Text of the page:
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The BioInvestigation Index and ISA Tools are out!

[The BII Architecture]

After a long time me and other brilliant guys from the NET Project team have been working, finally we have released a public version of the BioiInvestigation index and binaries for local installation! (Sources coming soon, just give us time to clean up/document etc.).

What is it?

The BII project provides an infrastructure for storage 'n retrieval of multi-omics experiments (we call them studies), i.e.: studies which of typical design is: prepare a sample and take out different measurements on it, such as microarray data, proteomics, 2D-gels, sequencing etc. We aim at keeping together the meta-data about these experiments (experiment design, sample characteristics and preparation), as well as leveraging on existing omic-specific repositories and format (e.g.: ArrayExpress + MAGETAB, PRIDE + PRIDEML).

How does it work?

We cover the whole pipeline consisting of prepare-submission/submit/search-stored-information. Submissions can be crafted by means of the ISATAB format, a tabular, spreadsheet-based format, which is a compromise between the need for an (end)user-friendly format and the need for something decently structured and formal (a similar approach was followed for the definition of MAGETAB). Things are further eased by the ISAcreator, a graphical Java tool that works similarly to Excel (or OpenOffice Calc, I don't like to mention MS only...), with the difference that ISAcreator has many more nice ISATAB-specific features. For instance, one of the most interesting things is that it connects to ontology servers (OLS or Bioportal) and allows you to select the right annotation terms for your submission.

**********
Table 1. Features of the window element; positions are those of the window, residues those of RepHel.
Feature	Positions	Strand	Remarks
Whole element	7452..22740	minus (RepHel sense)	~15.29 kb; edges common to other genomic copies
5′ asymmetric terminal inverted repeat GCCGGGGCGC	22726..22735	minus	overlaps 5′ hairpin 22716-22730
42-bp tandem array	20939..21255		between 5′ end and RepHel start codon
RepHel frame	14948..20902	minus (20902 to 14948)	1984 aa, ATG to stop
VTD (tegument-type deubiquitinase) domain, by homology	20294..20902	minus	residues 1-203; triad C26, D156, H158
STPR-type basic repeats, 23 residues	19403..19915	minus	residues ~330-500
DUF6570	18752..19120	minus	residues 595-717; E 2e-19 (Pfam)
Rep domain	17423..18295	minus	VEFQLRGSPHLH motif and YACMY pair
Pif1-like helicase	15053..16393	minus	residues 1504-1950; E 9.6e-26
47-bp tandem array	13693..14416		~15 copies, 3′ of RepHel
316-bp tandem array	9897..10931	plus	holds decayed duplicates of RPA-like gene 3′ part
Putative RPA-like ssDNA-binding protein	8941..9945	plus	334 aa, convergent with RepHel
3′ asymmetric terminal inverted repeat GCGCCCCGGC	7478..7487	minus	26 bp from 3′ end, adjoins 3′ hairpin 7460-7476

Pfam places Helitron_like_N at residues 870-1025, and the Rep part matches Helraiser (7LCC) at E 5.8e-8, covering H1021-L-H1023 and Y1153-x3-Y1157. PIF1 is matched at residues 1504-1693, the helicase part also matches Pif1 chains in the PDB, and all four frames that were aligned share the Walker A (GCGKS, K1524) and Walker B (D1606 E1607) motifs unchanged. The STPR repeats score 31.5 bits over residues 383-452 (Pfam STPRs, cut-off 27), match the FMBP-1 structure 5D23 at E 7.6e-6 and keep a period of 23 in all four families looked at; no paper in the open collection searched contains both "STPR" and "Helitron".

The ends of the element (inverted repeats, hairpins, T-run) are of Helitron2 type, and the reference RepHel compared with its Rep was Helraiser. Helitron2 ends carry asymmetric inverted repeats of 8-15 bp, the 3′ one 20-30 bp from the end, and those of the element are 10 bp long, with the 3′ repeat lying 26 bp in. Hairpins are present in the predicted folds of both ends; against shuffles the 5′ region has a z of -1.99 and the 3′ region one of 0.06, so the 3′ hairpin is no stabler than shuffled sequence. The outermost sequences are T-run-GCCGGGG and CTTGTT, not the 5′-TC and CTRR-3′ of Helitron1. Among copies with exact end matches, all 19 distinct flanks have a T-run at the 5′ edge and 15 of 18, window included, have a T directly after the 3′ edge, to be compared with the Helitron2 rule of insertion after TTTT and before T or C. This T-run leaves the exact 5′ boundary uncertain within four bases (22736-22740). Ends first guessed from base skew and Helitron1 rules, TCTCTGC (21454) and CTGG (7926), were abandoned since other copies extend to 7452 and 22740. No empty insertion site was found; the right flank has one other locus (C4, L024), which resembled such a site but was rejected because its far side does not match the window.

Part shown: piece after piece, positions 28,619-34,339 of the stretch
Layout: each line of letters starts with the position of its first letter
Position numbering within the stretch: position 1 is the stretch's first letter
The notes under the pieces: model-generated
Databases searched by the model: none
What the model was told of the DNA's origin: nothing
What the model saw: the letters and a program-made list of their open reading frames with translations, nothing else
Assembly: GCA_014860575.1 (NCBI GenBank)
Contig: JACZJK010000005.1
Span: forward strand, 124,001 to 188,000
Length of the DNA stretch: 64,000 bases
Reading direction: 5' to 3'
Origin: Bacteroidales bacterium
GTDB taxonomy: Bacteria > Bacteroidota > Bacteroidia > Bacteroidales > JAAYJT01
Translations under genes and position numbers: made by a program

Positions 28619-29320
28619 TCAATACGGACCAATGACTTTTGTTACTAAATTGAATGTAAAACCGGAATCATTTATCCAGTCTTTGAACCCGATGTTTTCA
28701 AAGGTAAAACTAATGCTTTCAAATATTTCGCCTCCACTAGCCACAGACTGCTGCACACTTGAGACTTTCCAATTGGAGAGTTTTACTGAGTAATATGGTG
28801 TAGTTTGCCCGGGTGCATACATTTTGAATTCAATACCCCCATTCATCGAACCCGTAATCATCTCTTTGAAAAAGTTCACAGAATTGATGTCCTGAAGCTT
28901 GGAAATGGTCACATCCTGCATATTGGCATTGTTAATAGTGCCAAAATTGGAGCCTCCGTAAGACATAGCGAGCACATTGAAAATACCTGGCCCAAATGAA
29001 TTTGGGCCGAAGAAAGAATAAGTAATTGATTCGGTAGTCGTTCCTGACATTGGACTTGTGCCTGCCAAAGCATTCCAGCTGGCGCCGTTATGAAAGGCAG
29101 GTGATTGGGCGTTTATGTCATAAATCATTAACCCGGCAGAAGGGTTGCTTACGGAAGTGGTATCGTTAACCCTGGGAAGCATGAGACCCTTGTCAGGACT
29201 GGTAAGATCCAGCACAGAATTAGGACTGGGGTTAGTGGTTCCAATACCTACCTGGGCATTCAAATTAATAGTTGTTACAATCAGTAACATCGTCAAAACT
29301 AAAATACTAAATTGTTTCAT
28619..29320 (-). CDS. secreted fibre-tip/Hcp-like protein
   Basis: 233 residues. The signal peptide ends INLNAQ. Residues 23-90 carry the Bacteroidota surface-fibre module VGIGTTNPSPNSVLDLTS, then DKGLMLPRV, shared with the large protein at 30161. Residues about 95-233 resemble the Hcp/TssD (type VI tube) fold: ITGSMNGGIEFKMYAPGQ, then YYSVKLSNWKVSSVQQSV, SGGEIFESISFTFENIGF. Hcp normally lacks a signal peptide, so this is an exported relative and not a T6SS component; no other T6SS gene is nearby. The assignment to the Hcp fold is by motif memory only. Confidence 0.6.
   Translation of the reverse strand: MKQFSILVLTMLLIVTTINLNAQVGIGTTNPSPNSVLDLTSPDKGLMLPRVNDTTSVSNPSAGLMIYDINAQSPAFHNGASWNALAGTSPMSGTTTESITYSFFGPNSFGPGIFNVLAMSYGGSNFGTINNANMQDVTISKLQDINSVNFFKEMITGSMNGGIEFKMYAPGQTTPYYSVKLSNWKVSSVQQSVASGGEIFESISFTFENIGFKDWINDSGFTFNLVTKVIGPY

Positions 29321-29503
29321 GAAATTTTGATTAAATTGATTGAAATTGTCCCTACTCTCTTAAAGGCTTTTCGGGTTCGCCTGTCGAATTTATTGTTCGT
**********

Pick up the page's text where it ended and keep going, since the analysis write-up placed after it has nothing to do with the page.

Redoing the microarray analyses

[Galileo Galilei on a money note]Nature Genetics has recently published this interesting work on repeatability of gene expression analysis. That microarray is a powerful tool used for study a number of biological phenomena is nowadays obvious. As it is that a microarray study should be repeatable, being it an instance of the experimental approach the science is based on. So, those who try to verify the repeatability of such kind of experiments are certainly welcome (sorry for repetitions... ;-) ). Even when one considers only a part of it, as they do, by focusing on the possibility to redo the analysis, starting from the raw data or the processed ones (i.e.: normalised).

What we learn from the paper is, IMHO, that the situation is better than what one would have expected, but there is still quite room to improve.

They started from an initial list of 20 papers, they choose a single conclusion from each of them (i.e.: a single figure or table) and tried to come at the same one, by redoing the analysis reported. An important part of the test is that they purposely didn't contacted the original authors, rather they tried to get all what they needed from the paper and from the data published in ArrayExpress or GEO, hence exploiting the available data annotations.

(Late) notes from ISWC 2008

I've eventually found time to review the notes from the last International Semantic Web Conference conference and put them in a clean document. Yes, it's a bit late, but I like to put this here and maybe someone will still find it interesting.

If you like the longer reading, please see the slides below. If you're looking for just short impressions, I can summarize them as follows.

Networking with Dendritic Cells